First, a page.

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  8. This comment has been removed by a blog administrator.

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  9. This comment has been removed by a blog administrator.

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  10. Give Rigel a hug from the blogosphere!

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  11. Wish I'd known her. How cool to never age in a manner predictable for a woman born in the early 1900s.

    And is Rigel's sister really named Aldebaran?

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  12. I'm turning in my driver's license!

    My condolences. She sounds like she was a wonderful person to be around...hell any 90+ year old woman who can shimmy her way through any window has a special place in my heart.

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  13. She sounds like a remarkable woman. Think young, act young, keep your brain and body active and stay curious about the world around you and you might just end up like Grandma Helen. And refusing to do those things is what makes other elderly people so dreadfully tiresome. Rigel is a lucky man to have her genes.

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  14. She sounds like an amazing woman. I'm really sorry for you both. I'm glad she lived a long full life.

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  15. If I could live a life as interesting and vibrant as hers, I'd gladly relinquish my car keys!!!

    My condolences to your family.

    Carrie

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  16. What an amazing tribute to an amazing woman. It is hard to let go of people you love and admire. But you can hardly be sad at the passing of someone who has lived a long, full life. One can only celebrate that life and do, as you did here, share that life with others

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  17. Sounds like a long and happy life. Very sorry for your loss.

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  18. She sounds like she was a lovely woman... we should all be so lucky to have such things said and thought about us at the end of our lives.

    You are all in my thoughts.

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  19. Thank you Marsha for writing that wonderful tribute to Grandma. You eloquently wrote about a life that was lived to the fullest and I thank you for sharing her with others.

    She was an amazing woman (even though she would deny it). She didn't think she was smart even though she completed complicated crossword puzzles, knew the name of every plant you came across on a walk and had an unbelieveable memory and knowledge of a variety of topics. She loved to dance -- she once told me how sometimes she would just get up and dance around the house just to get the body moving - "sometimes you just feel like dancing" she said. I love that and I loved her. She stated things as they were -- didn't sugar coat any of her comments. You always knew where you stood with her. Her favorite place to be was in her garden and I will always think of her there happily tending her plants. I will miss her. Thanks Grandma for being a part of our lives.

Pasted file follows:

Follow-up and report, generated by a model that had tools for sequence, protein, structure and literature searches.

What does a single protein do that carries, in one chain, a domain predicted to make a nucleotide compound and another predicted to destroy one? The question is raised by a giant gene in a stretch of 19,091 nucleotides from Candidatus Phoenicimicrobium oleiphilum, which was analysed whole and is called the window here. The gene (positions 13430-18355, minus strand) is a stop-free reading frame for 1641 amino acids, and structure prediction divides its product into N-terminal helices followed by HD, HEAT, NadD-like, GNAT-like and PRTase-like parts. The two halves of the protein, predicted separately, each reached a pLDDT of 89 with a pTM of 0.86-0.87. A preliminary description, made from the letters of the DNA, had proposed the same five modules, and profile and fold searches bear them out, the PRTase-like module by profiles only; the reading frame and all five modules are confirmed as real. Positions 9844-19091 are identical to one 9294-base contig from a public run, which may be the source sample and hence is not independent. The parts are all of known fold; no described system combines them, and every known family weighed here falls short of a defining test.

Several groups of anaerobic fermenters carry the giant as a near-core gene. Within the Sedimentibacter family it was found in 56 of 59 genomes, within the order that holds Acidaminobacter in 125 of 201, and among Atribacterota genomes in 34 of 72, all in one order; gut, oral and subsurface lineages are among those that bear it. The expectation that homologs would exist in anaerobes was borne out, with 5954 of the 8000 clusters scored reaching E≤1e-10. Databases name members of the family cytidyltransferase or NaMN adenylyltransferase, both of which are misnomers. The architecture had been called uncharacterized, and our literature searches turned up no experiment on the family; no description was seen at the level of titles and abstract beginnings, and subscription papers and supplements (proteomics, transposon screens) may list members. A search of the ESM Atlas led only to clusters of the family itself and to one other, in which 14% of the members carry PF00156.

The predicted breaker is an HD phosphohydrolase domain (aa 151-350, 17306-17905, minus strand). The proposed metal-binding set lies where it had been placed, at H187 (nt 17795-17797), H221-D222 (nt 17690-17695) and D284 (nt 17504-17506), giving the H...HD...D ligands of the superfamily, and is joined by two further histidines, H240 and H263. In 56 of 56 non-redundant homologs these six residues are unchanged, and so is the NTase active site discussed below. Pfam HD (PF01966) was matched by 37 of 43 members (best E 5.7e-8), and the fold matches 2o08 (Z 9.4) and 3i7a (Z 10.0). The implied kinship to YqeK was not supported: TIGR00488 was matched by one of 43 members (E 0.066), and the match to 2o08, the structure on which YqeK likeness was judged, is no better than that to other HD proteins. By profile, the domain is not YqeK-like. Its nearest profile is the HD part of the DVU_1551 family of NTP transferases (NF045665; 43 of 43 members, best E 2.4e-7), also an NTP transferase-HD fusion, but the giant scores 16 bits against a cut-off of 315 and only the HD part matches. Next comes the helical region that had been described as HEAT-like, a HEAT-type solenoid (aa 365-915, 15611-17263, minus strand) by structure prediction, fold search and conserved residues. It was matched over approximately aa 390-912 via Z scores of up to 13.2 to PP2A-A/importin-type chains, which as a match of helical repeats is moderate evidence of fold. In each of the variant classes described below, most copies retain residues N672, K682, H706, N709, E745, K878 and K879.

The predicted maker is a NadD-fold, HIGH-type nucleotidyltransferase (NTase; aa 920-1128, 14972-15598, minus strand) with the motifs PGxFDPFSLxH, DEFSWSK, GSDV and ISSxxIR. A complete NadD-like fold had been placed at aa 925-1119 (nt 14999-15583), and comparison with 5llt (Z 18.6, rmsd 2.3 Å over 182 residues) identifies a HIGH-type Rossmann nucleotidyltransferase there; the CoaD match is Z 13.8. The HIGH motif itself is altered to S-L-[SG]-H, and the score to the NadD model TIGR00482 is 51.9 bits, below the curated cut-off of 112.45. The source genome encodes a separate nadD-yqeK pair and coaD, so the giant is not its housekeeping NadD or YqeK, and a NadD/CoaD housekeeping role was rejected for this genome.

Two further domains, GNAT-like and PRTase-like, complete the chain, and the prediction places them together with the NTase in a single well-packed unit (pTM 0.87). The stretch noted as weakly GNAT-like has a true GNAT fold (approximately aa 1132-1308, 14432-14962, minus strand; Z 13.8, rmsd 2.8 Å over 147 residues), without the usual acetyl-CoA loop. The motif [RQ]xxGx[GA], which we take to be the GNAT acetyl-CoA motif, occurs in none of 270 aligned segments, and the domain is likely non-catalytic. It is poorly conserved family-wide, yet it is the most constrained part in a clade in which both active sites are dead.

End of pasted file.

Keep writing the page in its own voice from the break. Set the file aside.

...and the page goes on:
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  20. I am sorry to hear about your loss. My condolences to your family.

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  21. Our condolences also to your family.

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  22. I'm so sorry for your loss. It sounds like they broke the mold when they made Grandma Helen.

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  23. What a cool chick, eh? I love the picture.

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  24. I'm sorry for your loss. She sounds like an amazing woman.

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  25. If only there was some way to record the memories and experiences of all our cool loved ones so that these things wouldn't be lost forever. But, luckily, you guys have your own memories of her. Our thougts are with you guys.

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  26. That was a wonderful, wonderful post! Grandma Helen sounded like a one of a kind and something special to know. You have such a way with words, I could imagine it all.

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  27. I'm sorry to hear about your loss. What an amazing woman!!!

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  28. I'm sorry for your loss.

    After my husband's grandfather passed, the family passed a notebook among themselves and set it out at the funeral home. Anyone could jot down a memory or a story about Pop. It was fantastic to read through it the day after the funeral. Get your stories in print NOW!

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  29. What a lovely tribute to a remarkable woman. One can only hope to live a life that full.

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  30. What a lovely tribute to an awesome woman. Yes, I hope that I am half that cool when I'm 80, let alone 100. Those old women in Wisconsin are ass-kickers, though, I can say from experience.

    Rest in peace, Granma Helen, or keep rocking, whichever makes the most sense in the hereafter you've embarked upon.